Which kind of boulder field was this? So far it presented itself as a barrier - a moat with the gate lifted. But with the climbs so close, and the knowledge that people have done this before, there was a way in.
I went yet another direction and lugged myself over a hold-less, bulbous, granite mound. My legs and arms were splayed across the rounded face. My thighs grabbed tightly and I compression inch-wormed my way up, finding the smallest little divits and features to increase the friction. I grunted with the effort.
When I reached the top of this small monolith, I looked down and around. A no go, again. A 20-foot deep hell-hole awaited on the other side. I slid down, micro-slicing the fibers on my inner thighs.
The pangs of frustration and exhaustion knocked at my patience.
I fully retreated to the desert floor and decided to try another tactic by moving to a completely different angle to the wall. Surrounding the wall were damn big boulders that were not going to allow me to scale them easily. Now, I found myself crawling UNDER them.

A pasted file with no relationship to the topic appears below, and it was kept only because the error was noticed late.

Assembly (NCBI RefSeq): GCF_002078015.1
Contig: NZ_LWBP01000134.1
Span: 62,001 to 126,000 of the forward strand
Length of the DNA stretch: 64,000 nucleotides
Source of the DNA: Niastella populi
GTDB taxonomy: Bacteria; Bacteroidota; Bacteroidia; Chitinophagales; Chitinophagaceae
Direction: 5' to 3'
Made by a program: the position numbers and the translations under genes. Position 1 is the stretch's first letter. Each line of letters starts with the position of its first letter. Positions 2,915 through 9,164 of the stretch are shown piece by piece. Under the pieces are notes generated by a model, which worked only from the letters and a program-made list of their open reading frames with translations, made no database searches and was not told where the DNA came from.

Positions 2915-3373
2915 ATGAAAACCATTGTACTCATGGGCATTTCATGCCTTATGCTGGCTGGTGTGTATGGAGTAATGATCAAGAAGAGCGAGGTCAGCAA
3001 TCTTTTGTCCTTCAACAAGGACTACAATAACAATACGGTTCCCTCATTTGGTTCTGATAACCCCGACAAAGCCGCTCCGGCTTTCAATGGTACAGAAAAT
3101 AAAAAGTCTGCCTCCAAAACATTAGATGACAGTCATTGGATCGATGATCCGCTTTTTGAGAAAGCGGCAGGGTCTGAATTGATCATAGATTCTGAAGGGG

After having seen two rattlesnakes the previous day (one was curled up beneath a boulder I was about to climb under), I stomped and sang “Hey, hey snakies! You can hide now!” and tossed rocks ahead. My mind interjected images of cloudy-slit eyes and sharp fangs greeting me face-to-face. I shut out those images the best I could, trying to shift from an energy of fear to one of trust that the snake did not want to see me either.